9781509848195  Pablo Picasso’s Noel by Carol Ann Duffy follows the famous painter as he moves through a small town in the south of France on Christmas Eve, drawing the residents and the festive scenes he encounters, accompanied by his small dog.

  • The Indisputable Existence of Santa Claus by Dr. Hannah Fry provides mathematical proof of Santa with puzzles and games.
  • Christmas: A Biography by Judith Sanders gives a social historian’s examination of the origins, myths, legends and history of the season.
  • Christmas with the Savages by Mary Clive, a funny children’s story based on real events and people, is seen through the eyes of a prim eight-year old girl in a large Edwardian country house.
  •  Christmas Remembered (audiobook) by children’s author Tommy dePaola shares his love for Christmas in fifteen vivid memories, spanning six decades – as a teenager in Connecticut, an art student in Brooklyn, a novice monk in Vermont, and an artist in New Hampshire.

To get to twelve, try some Charles Dickens:  The Chimes, The Cricket on the Hearth, A Christmas Tree, and The Holly Tree – all available on line at Dickens on Line.

 

 

 

 

 

National Poetry Day in Britain

logo-no-dateIn the United States, April is designated as National Poetry Month, but September 28th is Britain’s National Poetry Day with this year’s theme of freedom.  The official website offers many poems – Poems on Freedom – not all by British poets, but I like this one by Mary Coleridge:

I had a boat, and the boat had wings;
And I did dream that we went a flying
Over the heads of queens and kings,
Over the souls of dead and dying,
Up among the stars and the great white rings,
And where the Moon on her back is lying.

One of my favorite poets is William Butler Yeats, who received the 1923 Nobel Prize for Literature.  When I was in Dublin, I visited the exhibition of his work at the National Library of Ireland, and I bought a small illustrated anthology of his poetry – one of the books I treasure on my limited bookshelf.

Yeats’ The Lake Isle of Innisfree is among the poems on freedom included by the National Poetry Day site. Perhaps you remember memorizing it in school. My favorite stanza…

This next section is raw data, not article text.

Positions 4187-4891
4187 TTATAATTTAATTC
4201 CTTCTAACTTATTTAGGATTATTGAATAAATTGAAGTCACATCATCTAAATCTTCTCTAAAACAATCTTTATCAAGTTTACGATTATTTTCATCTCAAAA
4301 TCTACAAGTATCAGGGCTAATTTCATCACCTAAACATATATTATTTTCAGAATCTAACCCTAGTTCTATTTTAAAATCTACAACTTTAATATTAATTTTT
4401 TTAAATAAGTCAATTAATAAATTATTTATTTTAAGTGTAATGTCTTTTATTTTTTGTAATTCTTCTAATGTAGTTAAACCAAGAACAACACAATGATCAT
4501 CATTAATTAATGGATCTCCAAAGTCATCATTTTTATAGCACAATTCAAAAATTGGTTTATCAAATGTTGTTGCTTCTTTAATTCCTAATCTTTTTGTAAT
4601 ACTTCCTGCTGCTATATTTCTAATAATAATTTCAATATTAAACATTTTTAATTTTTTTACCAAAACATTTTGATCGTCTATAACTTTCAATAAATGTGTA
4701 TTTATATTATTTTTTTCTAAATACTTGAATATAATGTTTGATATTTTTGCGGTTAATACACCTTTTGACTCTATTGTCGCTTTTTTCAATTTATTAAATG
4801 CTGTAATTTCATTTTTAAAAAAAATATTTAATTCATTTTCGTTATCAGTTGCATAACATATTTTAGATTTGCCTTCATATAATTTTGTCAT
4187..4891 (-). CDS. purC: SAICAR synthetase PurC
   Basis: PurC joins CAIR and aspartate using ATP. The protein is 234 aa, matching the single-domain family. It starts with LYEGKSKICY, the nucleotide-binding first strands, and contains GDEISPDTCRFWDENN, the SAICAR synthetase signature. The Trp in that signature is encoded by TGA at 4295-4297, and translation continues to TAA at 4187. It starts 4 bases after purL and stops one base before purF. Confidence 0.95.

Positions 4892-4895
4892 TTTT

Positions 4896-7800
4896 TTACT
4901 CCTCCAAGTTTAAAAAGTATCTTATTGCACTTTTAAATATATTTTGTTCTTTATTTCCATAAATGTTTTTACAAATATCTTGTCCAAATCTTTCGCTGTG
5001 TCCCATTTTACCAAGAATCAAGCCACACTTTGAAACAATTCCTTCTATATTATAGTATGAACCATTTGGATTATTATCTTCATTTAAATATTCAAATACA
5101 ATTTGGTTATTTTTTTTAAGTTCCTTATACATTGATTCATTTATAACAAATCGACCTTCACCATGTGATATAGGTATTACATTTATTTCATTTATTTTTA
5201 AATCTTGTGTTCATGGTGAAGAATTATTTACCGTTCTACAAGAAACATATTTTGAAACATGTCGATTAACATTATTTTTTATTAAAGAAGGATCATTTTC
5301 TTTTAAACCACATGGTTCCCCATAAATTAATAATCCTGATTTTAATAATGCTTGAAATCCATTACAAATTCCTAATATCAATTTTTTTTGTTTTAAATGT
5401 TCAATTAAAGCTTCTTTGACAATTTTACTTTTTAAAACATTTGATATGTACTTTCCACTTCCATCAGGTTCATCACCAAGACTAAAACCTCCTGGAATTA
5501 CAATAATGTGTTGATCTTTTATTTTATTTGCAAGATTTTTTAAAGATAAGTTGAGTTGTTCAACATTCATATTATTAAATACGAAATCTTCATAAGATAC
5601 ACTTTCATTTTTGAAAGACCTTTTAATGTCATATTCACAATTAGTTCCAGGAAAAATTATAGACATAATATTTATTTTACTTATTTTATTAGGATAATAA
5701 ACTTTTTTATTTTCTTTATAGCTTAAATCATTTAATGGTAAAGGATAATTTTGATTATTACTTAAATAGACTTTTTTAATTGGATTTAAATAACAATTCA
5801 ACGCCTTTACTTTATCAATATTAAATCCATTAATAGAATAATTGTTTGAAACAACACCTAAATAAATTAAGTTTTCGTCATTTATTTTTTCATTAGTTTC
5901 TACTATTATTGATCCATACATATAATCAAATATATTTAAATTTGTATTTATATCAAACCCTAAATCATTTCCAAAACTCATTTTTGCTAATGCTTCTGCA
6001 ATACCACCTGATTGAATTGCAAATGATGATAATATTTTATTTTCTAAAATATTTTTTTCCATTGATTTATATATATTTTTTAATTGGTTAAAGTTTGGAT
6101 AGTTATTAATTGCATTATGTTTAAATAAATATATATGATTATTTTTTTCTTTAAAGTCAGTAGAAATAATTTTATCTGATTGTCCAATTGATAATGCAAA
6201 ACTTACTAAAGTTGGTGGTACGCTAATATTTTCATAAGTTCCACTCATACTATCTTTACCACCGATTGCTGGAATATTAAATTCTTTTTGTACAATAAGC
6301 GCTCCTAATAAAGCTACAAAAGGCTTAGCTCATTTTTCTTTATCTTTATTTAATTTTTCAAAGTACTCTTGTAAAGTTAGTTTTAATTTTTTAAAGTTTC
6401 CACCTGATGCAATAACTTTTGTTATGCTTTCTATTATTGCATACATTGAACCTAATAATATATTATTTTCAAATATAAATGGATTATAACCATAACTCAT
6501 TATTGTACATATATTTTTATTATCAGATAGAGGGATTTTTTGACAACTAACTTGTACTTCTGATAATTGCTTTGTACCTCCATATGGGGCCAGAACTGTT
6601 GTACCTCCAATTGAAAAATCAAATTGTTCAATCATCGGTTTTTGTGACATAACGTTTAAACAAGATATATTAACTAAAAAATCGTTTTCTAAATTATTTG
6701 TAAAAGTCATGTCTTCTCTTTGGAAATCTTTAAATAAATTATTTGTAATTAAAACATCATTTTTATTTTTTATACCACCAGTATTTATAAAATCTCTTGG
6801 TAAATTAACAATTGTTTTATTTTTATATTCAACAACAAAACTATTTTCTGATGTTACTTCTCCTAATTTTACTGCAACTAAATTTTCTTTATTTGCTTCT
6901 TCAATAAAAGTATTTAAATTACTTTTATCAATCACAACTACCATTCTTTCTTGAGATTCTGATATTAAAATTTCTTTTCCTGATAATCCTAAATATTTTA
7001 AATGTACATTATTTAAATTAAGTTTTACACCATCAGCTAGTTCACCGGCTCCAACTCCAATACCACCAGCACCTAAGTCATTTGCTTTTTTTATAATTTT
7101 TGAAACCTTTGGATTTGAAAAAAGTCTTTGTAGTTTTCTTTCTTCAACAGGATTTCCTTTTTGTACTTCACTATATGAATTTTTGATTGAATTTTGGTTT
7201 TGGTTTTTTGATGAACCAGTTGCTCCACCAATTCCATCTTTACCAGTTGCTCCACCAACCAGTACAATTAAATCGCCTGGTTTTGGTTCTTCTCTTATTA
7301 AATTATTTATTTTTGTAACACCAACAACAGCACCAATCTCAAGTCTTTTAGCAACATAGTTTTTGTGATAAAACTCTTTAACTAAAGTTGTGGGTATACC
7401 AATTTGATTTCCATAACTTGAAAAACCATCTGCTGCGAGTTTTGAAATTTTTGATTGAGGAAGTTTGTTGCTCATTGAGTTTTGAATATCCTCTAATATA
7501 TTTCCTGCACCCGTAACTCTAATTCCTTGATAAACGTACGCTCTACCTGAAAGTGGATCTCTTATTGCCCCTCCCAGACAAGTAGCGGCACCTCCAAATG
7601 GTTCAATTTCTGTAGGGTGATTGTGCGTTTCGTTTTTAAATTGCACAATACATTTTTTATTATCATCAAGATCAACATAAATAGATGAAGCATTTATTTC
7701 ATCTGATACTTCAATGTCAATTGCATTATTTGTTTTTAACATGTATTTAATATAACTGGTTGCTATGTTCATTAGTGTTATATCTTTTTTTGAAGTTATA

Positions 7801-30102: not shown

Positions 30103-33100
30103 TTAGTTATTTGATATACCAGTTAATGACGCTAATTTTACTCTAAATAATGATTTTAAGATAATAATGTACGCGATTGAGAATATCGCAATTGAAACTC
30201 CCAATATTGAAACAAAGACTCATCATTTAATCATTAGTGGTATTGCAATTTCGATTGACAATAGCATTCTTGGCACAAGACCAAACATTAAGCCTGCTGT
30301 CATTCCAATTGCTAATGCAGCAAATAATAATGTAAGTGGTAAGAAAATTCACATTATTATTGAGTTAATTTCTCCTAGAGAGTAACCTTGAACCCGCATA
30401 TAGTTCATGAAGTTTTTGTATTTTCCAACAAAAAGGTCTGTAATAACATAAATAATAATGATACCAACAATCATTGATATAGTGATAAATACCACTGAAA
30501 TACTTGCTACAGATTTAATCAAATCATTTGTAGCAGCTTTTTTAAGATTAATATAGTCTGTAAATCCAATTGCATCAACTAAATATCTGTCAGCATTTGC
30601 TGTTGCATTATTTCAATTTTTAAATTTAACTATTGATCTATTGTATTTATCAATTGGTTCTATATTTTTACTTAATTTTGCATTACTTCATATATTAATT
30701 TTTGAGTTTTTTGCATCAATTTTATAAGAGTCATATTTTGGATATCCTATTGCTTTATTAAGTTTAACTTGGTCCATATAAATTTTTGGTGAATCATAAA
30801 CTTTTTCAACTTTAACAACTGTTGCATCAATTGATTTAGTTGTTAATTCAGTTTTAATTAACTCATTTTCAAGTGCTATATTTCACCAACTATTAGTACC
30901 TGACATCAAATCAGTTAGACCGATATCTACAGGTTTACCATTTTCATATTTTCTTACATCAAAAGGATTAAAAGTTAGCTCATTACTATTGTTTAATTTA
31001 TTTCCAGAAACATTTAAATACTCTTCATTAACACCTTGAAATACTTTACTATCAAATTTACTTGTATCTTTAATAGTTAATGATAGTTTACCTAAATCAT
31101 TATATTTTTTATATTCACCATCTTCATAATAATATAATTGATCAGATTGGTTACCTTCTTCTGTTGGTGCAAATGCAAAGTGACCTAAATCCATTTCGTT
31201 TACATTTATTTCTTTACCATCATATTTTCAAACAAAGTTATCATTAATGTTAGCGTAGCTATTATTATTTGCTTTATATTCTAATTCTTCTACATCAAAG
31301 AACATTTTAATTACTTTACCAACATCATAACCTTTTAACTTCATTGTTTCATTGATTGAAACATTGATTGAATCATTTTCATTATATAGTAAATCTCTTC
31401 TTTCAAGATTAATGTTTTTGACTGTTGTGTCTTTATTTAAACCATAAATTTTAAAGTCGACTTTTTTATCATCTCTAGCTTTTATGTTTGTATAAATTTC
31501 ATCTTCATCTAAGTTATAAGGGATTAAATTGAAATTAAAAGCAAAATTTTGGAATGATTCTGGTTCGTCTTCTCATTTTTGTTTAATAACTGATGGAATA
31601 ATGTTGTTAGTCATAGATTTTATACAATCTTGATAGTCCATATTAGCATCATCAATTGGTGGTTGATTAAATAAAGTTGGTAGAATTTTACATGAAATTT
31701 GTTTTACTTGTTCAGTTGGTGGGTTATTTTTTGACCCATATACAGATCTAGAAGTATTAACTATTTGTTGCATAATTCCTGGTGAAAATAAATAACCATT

Dropping from the veils of the morning to where the cricket sings;
There midnight’s all a glimmer, and noon a purple glow,
And evening full of the linnet’s wings.

As I read through my small volume of Yeats: Romantic Visionary, I was struck by this one:

The Song of Wandering Aengus

I went out to the hazel wood,
Because a fire was in my head,
And cut and peeled a hazel wand,
And hooked a berry to a thread;
And when white moths were on the wing,
And moth-like stars were flickering out,
I dropped the berry in a stream
And caught a little silver trout.
When I had laid it on the floor
I went to blow the fire a-flame,
But something rustled on the floor,
And someone called me by my name:
It had become a glimmering girl
With apple blossom in her hair
Who called me by my name and ran
And faded through the brightening air.
Though I am old with wandering
Through hollow lands and hilly lands,
I will find out where she has gone,
And kiss her lips and take her hands;
And walk among long dappled grass,
And pluck till time and times are done,
The silver apples of the moon,
The golden apples of the sun.

The Chalk Artist

9781400069873_p0_v1_s192x300   Allegra Goodman cleverly combines the worlds of computer gaming with poetry and art in The Chalk Artist.  Through her three main characters’ disparate interests: a young man, Colin James,  with a untapped artistic talent; his true love, Nina Lazare, a struggling idealistic teacher; and a bright teenager caught in the hypnotic trance of an imaginary computer game world, Goodman addresses their common element – the need to relax into themselves to find happiness.  But this is not a book about art or romance or happiness; it is about gaming.

Just as Nathan Hill used one of his characters in The Nix to demonstrate the evil effects of addiction to computer games, Goodman targets the dangers of living in the virtual world by having her teenage character, Aiden, play to exhaustion and eventual hospitalization.  Hill had his character sleep his way into a new life, but Aiden’s addiction is harder to kick.  Surprisingly, his young English teacher, Nina Lazarre, leads the way with poetry.